Summary: There is a passage in the Gospel of Luke that talks about two sisters and their attitudes and methods for spending time with the Lord. One of the sisters had her spiritual priorities straight. The other was too busy to listen.

Too Busy To Listen

Luke 10:38-42

Preached by Pastor Tony Miano

Pico Canyon Community Church

December 31, 2000

Introduction: A few weeks ago, I was talking with Pamela and Linda after church. We were talking about the fact that while it is good to study God’s Word verse-by-verse, it’s also important to be sensitive to needs or concerns that come up along the way that affect members of the congregation. We agreed that when I become aware of such times when there are specific issues affecting members of our body, I should be willing to deviate from a series or book study to address whatever pertinent issue is important to the church family at the moment.

Not even a week after my conversation with Pamela and Linda, I became aware of a concern that is probably affecting more people in our church family than I even realize. During our first men’s discipleship meeting, a few of the guys, myself included, shared about how the business of their lives was negatively impacting the depth and breadth of their spiritual growth. I’m sure a few of us began thinking about the same passage of Scripture. But it was Lance who was first to mention it.

There is a passage in the Gospel of Luke that talks about two sisters and their attitudes and methods for spending time with the Lord. One of the sisters had her spiritual priorities straight. The other was too busy to listen.

Turn with me in your Bibles to Luke, chapter ten. This morning we’re going to study these two sisters and compare their walks with Christ to our own. As we look at a snapshot of the lives of these two sisters, we’re going to look at three things that can make us too busy to listen—too busy to listen to the Lord’s direction and counsel. You see, there are times when we can become too busy with distractions, too busy with complaints, and too busy with worry to listen to the Lord.

Let’s begin with word of prayer.

Backgrounds of Martha and Mary

This morning we will be giving our attention to verse 38-42 in Luke 10.

Now as they were traveling along, He entered a village; and a woman named Martha welcomed Him into her home. She had a sister called Mary, who was seated at the Lord’s feet, listening to His word. But Martha was distracted with all her preparations; and she came up to Him and said, “Lord, do You not care that my sister has left me to do all the serving alone? Then tell her to help me.”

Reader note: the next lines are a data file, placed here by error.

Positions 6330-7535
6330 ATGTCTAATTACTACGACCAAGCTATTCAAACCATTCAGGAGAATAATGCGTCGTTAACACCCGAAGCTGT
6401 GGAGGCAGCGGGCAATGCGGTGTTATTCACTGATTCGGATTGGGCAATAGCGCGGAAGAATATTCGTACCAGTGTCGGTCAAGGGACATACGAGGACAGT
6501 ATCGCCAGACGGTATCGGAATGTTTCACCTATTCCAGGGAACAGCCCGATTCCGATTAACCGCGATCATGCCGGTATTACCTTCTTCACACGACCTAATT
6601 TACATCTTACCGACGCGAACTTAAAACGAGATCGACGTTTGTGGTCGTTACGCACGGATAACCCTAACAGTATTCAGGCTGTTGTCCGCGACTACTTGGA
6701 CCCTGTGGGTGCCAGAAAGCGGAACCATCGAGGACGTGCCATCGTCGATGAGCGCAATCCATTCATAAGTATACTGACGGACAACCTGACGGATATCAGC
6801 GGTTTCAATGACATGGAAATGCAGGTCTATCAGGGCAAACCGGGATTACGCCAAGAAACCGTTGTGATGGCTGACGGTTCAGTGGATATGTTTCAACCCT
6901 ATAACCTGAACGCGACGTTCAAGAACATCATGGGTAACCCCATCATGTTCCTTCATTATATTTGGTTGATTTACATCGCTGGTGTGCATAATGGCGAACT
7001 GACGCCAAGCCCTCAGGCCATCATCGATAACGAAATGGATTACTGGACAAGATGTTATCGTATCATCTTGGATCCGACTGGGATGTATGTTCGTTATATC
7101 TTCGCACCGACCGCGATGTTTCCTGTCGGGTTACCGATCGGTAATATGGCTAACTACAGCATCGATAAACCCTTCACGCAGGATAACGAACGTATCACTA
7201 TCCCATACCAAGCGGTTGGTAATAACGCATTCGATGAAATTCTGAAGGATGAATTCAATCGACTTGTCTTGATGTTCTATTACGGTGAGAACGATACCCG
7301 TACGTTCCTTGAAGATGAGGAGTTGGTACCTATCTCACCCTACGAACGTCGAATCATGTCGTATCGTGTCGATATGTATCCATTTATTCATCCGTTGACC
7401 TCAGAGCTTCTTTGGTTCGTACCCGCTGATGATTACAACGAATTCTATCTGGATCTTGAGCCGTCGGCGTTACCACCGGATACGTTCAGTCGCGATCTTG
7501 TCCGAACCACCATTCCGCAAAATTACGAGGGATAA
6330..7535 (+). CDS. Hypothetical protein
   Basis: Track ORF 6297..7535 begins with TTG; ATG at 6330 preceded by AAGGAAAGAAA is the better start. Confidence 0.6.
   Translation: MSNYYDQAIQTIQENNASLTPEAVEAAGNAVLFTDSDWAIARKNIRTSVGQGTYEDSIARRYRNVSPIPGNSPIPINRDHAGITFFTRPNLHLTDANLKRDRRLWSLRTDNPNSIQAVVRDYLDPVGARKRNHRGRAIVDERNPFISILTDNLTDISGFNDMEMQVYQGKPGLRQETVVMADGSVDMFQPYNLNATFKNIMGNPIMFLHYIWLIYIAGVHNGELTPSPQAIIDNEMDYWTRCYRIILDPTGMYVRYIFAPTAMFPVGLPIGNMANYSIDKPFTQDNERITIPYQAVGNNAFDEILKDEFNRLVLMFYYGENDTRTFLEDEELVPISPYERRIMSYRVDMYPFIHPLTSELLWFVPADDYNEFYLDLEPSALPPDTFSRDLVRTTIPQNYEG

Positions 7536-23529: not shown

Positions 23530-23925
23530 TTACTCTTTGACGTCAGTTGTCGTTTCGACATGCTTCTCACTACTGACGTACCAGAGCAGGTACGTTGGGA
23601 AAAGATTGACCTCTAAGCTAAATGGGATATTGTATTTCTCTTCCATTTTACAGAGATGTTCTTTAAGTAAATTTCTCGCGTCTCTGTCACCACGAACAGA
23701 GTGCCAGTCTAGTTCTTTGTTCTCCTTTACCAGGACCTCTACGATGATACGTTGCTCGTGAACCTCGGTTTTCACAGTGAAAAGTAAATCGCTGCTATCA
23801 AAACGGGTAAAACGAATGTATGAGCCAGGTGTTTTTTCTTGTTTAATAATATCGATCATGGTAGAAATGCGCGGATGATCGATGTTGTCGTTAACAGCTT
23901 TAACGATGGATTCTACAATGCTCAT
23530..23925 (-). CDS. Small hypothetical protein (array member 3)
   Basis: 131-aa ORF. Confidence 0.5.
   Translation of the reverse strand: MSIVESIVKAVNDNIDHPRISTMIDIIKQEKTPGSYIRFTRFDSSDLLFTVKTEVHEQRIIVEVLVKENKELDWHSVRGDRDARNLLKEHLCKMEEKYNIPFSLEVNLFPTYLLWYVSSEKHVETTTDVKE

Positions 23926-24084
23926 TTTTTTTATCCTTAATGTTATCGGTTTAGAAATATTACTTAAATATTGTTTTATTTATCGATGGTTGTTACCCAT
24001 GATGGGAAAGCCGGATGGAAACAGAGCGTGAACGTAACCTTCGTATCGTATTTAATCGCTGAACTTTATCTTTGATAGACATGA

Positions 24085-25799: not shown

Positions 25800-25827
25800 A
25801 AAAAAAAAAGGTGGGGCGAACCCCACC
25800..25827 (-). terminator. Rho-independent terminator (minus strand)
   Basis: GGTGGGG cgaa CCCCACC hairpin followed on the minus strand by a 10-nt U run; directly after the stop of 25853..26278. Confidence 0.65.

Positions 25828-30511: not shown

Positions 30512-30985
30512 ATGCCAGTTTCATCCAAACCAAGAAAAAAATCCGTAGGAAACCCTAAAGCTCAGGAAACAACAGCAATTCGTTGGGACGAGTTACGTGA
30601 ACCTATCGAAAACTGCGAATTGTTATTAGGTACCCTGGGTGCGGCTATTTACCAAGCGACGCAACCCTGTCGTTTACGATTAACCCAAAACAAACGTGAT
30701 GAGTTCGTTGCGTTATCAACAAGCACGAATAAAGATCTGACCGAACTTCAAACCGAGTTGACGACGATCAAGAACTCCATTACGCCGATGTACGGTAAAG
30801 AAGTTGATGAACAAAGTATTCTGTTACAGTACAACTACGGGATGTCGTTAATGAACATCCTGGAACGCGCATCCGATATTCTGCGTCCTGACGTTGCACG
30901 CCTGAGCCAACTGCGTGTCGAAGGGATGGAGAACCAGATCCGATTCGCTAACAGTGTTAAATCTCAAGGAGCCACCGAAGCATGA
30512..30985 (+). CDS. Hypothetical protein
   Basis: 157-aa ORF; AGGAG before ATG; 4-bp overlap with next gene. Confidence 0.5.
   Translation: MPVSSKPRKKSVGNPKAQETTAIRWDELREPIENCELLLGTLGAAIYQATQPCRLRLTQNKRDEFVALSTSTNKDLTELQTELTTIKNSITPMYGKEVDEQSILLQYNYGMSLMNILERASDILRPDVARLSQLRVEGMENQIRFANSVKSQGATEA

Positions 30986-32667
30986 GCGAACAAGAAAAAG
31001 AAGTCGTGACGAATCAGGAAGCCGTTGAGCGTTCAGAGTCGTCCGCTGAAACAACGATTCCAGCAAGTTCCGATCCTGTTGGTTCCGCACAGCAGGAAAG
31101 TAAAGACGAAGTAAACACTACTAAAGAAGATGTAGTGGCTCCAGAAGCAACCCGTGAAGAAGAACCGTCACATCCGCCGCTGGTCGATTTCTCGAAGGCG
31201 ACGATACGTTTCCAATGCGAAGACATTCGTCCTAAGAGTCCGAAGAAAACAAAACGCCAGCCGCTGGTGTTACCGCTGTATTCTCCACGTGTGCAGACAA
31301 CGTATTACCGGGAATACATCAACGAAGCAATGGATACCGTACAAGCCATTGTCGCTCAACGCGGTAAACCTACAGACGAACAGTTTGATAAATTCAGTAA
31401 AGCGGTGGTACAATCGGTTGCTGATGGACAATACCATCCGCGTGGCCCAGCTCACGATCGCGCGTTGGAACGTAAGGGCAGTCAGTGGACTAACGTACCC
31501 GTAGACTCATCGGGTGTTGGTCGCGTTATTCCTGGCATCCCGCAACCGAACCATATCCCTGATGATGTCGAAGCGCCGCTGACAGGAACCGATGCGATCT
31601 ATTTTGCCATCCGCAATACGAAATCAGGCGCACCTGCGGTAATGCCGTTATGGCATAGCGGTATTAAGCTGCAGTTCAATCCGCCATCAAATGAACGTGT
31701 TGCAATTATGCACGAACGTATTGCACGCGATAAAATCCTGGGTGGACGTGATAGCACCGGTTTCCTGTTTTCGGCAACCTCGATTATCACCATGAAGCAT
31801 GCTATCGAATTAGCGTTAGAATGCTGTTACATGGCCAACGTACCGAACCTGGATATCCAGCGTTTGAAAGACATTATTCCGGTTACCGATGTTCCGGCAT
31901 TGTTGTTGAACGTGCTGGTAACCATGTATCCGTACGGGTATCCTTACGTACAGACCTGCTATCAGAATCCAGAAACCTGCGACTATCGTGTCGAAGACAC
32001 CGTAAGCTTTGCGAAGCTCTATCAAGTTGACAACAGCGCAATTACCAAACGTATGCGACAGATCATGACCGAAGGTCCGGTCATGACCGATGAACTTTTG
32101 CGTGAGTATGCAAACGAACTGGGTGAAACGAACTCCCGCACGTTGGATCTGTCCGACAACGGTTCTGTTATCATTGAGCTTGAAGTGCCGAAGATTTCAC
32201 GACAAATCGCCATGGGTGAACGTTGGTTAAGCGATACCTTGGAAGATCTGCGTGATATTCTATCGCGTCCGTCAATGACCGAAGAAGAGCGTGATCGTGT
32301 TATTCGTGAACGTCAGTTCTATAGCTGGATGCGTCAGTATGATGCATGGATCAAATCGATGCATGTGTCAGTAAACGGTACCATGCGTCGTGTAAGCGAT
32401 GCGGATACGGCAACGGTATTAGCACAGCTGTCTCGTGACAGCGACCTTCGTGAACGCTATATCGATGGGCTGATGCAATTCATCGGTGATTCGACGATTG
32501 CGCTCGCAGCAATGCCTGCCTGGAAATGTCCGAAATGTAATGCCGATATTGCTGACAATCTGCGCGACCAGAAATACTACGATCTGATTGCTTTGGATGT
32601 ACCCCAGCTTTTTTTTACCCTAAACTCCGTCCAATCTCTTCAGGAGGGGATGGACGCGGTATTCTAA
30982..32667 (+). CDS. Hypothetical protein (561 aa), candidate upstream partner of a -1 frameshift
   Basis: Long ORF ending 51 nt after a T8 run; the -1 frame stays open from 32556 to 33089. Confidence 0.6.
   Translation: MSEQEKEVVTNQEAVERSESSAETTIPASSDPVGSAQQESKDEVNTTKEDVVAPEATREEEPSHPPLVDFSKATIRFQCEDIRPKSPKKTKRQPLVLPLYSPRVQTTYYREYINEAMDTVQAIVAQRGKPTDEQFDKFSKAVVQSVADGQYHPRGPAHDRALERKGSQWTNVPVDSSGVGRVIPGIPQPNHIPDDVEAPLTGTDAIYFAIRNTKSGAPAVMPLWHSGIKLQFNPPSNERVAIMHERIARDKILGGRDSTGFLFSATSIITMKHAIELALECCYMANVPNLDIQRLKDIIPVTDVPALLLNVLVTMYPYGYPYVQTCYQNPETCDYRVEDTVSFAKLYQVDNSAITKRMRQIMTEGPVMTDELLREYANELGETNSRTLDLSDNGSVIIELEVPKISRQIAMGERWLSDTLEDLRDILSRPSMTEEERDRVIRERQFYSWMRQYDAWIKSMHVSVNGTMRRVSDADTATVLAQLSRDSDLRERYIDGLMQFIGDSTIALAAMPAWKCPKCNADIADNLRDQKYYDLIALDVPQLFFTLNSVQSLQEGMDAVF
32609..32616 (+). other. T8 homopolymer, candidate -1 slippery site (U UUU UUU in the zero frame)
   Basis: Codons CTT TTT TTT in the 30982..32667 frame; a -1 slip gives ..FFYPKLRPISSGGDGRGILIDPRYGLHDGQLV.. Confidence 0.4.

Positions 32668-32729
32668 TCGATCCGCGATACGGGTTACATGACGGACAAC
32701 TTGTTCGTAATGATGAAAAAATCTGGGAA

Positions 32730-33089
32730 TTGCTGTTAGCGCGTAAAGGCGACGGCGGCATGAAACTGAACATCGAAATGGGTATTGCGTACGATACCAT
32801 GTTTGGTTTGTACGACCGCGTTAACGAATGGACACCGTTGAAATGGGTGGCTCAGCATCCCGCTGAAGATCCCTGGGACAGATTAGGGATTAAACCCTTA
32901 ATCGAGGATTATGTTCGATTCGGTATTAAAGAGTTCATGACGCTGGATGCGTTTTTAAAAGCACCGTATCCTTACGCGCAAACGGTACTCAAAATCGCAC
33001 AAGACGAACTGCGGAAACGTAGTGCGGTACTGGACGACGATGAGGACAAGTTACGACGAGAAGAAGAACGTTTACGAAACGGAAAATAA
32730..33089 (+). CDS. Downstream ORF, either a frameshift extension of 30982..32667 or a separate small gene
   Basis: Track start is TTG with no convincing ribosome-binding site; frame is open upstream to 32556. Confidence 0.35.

But the Lord answered and said to her, “Martha, Martha, you are worried and bothered about so many things; but only one thing is necessary, for Mary has chosen the good part, which shall not be taken away from her.”

Now as we read this passage, there were probably some key words that jumped out at you as you listened to the story. There is, indeed, a wealth of instruction and encouragement in this passage. But before we dig into the text, let’s see if we can get to know the two sisters in the story a little better. Knowing more about the sisters may help us to understand why their attitudes were so different and why Jesus responded the way He did.

Martha and Mary lived in a village that was known, in biblical times, as Bethany. The name means, “house of unripe figs.” People in the times of Jesus also referred to Bethany as the “house of misery.” One of the reasons Bethany was given this unflattering nickname was due to the fact that invalids had a tendency to congregate in the village.

Bethany was also known for its hospitality, especially to those who were making pilgrimages to or vacationing in Jerusalem. Bethany is located about 1.5-2.0 miles away from Jerusalem, which places it east of the Jordan River and on the eastern slope of the Mount of Olives.

Bethany had some significance in Jesus’ ministry. He spent a significant amount of time there. This is the place where John the Baptist ministered and verbally jousted with the Pharisees. Bethany was the place where John introduced Jesus to the world. John probably baptized Jesus in the area. Jesus would retire to Bethany after doing ministry in Jerusalem.

The gospels tell us that Jesus spent time in the home of Simon the Leper while in Bethany. After cleansing the temple of the moneychangers, Jesus went to Bethany. Jesus began His triumphal entry into Jerusalem, from Bethany. And He led His disciples to Bethany and allowed them to watch His ascent into heaven from this small town.

Martha and Mary lived in Bethany with their brother, Lazarus. Remember that it was Lazarus whom Jesus raised from the dead. Bethany still exists in Israel, but now goes by the name Lazariyeh, or “The Place of Lazarus.”

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